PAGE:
September New Home Sales Plummet, Prices Remain Nearly Flat

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The U.S. Census Bureau and the Department of Housing and Urban Development reported Wednesday morning that sales of new homes in September decreased to a seasonally adjusted annual rate of 553,000, a drop of 5.5% from the downwardly revised August rate of 585,000 and a decrease of 13.2% compared with the September 2017 rate of 637,000. The consensus estimate from a survey of economists expected a rate of around 625,000. The August rate was revised downward by 23,000.

At the peak in 2005, new home sales posted a seasonally adjusted annual rate of nearly 1.4 million.

The Census Bureau also reported that the median sales price for new homes sold in September fell by $200 to $320,000, and the average sales price rose to $377,200. At the end of September, the number of new homes for sale on a seasonally adjusted basis totaled 327,000, up by 9,000 month over month, and represented a supply of 7.1 months at the current sales rate.

In September, 46% of the estimated 46,000 monthly total were sales for homes priced at less than $300,000. The percentage is up from 45% in August.

Sales of homes priced between $300,000 and $399,999 rose a point to 23% of all sales. Sales of homes in the range of $400,000 to $499,999 rose by three points to 17%, and sales fell by 4% for homes sold in a range of $500,000 to $749,999. Home sales for properties priced above $750,000 accounted for 5% of all new home sales in September, down by two points compared with August.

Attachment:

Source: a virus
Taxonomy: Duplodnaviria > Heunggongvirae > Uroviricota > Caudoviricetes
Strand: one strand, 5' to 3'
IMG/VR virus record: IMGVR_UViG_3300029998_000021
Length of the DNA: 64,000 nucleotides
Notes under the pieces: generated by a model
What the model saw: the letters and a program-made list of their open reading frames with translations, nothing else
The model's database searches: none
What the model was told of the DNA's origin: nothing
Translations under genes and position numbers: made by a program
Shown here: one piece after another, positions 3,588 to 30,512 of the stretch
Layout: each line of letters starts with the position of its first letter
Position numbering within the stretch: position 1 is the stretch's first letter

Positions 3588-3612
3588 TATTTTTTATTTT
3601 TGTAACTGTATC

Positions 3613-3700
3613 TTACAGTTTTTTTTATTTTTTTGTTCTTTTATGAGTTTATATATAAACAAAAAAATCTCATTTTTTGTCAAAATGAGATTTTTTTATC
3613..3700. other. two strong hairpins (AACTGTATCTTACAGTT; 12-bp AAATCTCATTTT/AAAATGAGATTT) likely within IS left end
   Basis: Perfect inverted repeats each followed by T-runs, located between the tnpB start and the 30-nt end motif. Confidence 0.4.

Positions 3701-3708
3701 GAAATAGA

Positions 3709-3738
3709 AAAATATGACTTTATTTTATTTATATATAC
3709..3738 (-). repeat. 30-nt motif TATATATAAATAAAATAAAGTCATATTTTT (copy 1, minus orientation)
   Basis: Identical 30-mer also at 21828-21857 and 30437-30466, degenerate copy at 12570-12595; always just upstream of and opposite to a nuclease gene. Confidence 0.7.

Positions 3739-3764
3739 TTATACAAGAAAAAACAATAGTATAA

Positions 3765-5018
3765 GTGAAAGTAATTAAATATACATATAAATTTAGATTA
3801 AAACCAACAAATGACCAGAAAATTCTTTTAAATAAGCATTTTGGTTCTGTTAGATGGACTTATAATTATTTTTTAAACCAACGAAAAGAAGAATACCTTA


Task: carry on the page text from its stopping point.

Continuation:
On a seasonally adjusted basis, year-over-year new home sales are up 13.2% nationally. In the South, year-over-year new home sales are up 11.4%; in the Northeast sales are down 51.3%; in the Midwest sales are up 4.1%; and in the West sales are down 15.8%.

On a non-seasonally adjusted basis, homes sold in the South remained flat month over month in September at 24,000. Home sales were flat at 6,000 in the Midwest, while sales in the Northeast totaled 2,000, down by 1,000 month over month. Sales in the West fell by 3,000 to a total of 10,000.

At the end of September, the for-sale inventory (not seasonally adjusted) totaled 331,000, up 8,000 month over month. On a non-seasonally adjusted basis, inventory was up by 1,000 in the Northeast at 27,000 and flat in the Midwest at 42,000. In the South new homes for sale rose by 5,000 to 174,000 while supply in the West rose by 2,000 to 86,000.

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